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  22. Letting Go of “Natural Kind”: Toward a Multidimensional Framework of Nonarbitrary Classification.Ludwig David - 2018 - Philosophy of Science 85 (1):31-52.
    This article uses the case study of ethnobiological classification to develop a positive and a negative thesis about the state of natural kind debates. On the one hand, I argue that current accounts of natural kinds can be integrated in a multidimensional framework that advances understanding of classificatory practices in ethnobiology. On the other hand, I argue that such a multidimensional framework does not leave any substantial work for the notion “natural kind” and that attempts to formulate a general account (...)
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  23. This is What a Historicist and Relativist Feminist Philosophy of Disability Looks Like.Shelley Tremain - 2015 - Foucault Studies (19):7.
    ABSTRACT: With this article, I advance a historicist and relativist feminist philosophy of disability. I argue that Foucault’s insights offer the most astute tools with which to engage in this intellectual enterprise. Genealogy, the technique of investigation that Friedrich Nietzsche famously introduced and that Foucault took up and adapted in his own work, demonstrates that Foucault’s historicist approach has greater explanatory power and transgressive potential for analyses of disability than his critics in disability studies have thus far recognized. I show (...)
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  24. Biopower, Styles of Reasoning, and What's Still Missing From the Stem Cell Debates.Shelley Tremain - 2010 - Hypatia 25 (3):577 - 609.
    Until now, philosophical debate about human embryonic stem cell (hESC) research has largely been limited to its ethical dimensions and implications. Although the importance and urgency of these ethical debates should not be underestimated, the almost undivided attention that mainstream and feminist philosophers have paid to the ethical dimensions of hESC research suggests that the only philosophically interesting questions and concerns about it are by and large ethical in nature. My argument goes some distance to challenge the assumption that ethical (...)
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  25.  15
    Realism Without Limits.Howard Sankey - 2004 - Divinatio 20:145-165.
    This is a sequel to my paper, ‘What is Scientific Realism?’, which appeared in an earlier issue of this journal (Sankey, 2000a). A number of papers by other authors on topics relating to scientific realism have followed in subsequent issues. In this paper I revisit some of the themes developed in my earlier paper in the light of these later papers. I begin by restating the key ideas of the earlier paper. Next, I mention a number of afterthoughts which I (...)
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  26. The Missing Self in Hacking's Looping Effects.Serife Tekin - 2014 - In H. Kincaid & J. Sullivan (eds.), Mental Kinds and Natural Kinds. MIT Press.
    , Looping Effects, the Self, Psychopathology.
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  27.  4
    Wartość kognitywna religijnego użycia języka we wczesnej analitycznej filozofii religii / Cognitive meaning of religious language in early analytical philosophy of religion 2016.Marek A. Pepliński - 2016 - In Janusz Salamon (ed.), Przewodnik po filozofii religii. Nurt analityczny. Kraków, Polska: pp. 519-25.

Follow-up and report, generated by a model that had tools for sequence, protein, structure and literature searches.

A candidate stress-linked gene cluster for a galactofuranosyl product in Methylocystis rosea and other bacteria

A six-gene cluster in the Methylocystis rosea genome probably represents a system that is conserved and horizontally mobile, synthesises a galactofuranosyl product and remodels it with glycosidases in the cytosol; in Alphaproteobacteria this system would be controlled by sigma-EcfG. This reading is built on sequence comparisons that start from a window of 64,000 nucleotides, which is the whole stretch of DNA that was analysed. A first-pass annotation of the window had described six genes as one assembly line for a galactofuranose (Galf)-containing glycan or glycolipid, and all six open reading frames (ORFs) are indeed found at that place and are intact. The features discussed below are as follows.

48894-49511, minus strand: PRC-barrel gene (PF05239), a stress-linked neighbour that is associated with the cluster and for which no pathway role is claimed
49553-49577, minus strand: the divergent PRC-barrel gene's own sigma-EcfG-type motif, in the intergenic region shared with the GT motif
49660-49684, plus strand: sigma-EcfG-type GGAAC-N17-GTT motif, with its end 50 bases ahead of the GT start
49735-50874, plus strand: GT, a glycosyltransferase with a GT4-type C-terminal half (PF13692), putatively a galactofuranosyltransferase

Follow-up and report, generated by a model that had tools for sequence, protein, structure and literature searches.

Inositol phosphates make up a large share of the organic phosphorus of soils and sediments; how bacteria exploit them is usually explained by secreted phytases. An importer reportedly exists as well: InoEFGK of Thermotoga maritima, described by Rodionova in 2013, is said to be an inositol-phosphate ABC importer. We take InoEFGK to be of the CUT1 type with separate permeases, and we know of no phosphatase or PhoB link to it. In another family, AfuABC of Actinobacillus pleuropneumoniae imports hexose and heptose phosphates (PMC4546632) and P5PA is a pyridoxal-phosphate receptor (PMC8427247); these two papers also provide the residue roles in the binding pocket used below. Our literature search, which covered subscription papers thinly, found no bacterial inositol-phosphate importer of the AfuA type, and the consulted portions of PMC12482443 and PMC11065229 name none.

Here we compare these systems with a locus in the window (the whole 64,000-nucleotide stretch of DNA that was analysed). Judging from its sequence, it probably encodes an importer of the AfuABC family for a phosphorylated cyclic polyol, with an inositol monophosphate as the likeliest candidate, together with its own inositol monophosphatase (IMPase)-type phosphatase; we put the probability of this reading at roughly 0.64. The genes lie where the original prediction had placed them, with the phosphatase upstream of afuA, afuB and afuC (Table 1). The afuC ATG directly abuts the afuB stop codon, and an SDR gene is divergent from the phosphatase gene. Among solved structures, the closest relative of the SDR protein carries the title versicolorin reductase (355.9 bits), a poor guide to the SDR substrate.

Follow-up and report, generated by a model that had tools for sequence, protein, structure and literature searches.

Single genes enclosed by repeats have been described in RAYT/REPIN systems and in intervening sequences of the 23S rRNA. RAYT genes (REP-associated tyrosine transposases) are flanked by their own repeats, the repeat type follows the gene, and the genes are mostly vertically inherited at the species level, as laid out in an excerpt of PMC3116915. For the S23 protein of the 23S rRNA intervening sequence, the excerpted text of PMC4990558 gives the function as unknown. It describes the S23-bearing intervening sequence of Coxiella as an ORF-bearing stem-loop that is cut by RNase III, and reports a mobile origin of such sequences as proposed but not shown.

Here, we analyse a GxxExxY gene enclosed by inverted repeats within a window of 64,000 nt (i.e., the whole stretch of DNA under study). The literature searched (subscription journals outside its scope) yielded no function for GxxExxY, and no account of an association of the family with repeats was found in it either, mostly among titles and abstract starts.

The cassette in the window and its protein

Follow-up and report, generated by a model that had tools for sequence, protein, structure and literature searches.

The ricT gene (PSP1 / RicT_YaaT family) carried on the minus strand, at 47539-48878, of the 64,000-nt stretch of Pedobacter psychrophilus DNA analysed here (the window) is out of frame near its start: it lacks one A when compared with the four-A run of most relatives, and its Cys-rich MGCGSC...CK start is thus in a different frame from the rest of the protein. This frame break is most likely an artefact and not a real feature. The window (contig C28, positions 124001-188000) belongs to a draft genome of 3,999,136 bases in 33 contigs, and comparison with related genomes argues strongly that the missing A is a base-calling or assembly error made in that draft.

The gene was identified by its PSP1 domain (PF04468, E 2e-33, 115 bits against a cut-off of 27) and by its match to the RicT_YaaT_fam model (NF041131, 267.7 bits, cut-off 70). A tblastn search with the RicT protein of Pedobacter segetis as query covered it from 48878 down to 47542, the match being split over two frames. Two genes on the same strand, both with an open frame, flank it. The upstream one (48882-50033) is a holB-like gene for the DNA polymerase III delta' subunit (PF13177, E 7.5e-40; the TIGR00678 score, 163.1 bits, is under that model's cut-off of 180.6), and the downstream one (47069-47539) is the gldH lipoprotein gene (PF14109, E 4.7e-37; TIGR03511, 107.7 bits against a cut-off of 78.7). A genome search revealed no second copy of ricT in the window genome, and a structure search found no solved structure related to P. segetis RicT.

Short paper about debate on cognitive meaning of religious use of language in early analytic philosophy of religion. Published in Companion to Philosophy of Religion, edited by Janusz Salamon, Cracow: WAM, 2016.
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  28.  7
    Commentary on “On Appeals to Models”: Appeals to Visual Models – An Epistemological Reconstruction of an Argument Type.Christoph Lumer - unknown
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  29. Hegel and Whitehead: In Search for Sources of Contemporary Versions of Panentheism in the Science-Theology Dialogue.Mariusz Tabaczek - 2013 - Theology Nad Science 11 (2):143-161.
    Panentheism has recently become a widely accepted and appreciated concept among scholars in the science-theology dialogue, and its theological repercussions have been discussed to great extent. Yet, there remains to be studied in more detail the notion of the philosophical foundations of the term. A prominent gap in our understanding of these foundations is the potential similarity between the metaphysics of Hegel and Whitehead, their understanding of the transcendence and immanence of God, and their respective versions of panentheism. In this (...)
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  30.  28
    Kuhn, Thomas S.: The structure of scientific revolutions. 50th anniversary. [REVIEW]Trela Grzegorz - 2013 - Argument: Biannual Philosophical Journal 3 (2):539-544.
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  31.  31
    The Constitution of Social Practices.Kevin McMillan - 2017 - Milton Park, UK; New York, USA: Routledge.
    Practices – specific, recurrent types of human action and activity – are perhaps the most fundamental "building blocks" of social reality. This book argues that the detailed empirical study of practices is essential to effective social-scientific inquiry. It develops a philosophical infrastructure for understanding human practices, and argues that practice theory should be the analytical centrepiece of social theory and the philosophy of the social sciences. -/- What would social scientists’ research look like if they took these insights seriously? To (...)
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  32. Humans Should Not Colonize Mars.Ian Stoner - 2017 - Journal of the American Philosophical Association 3 (3):334-353.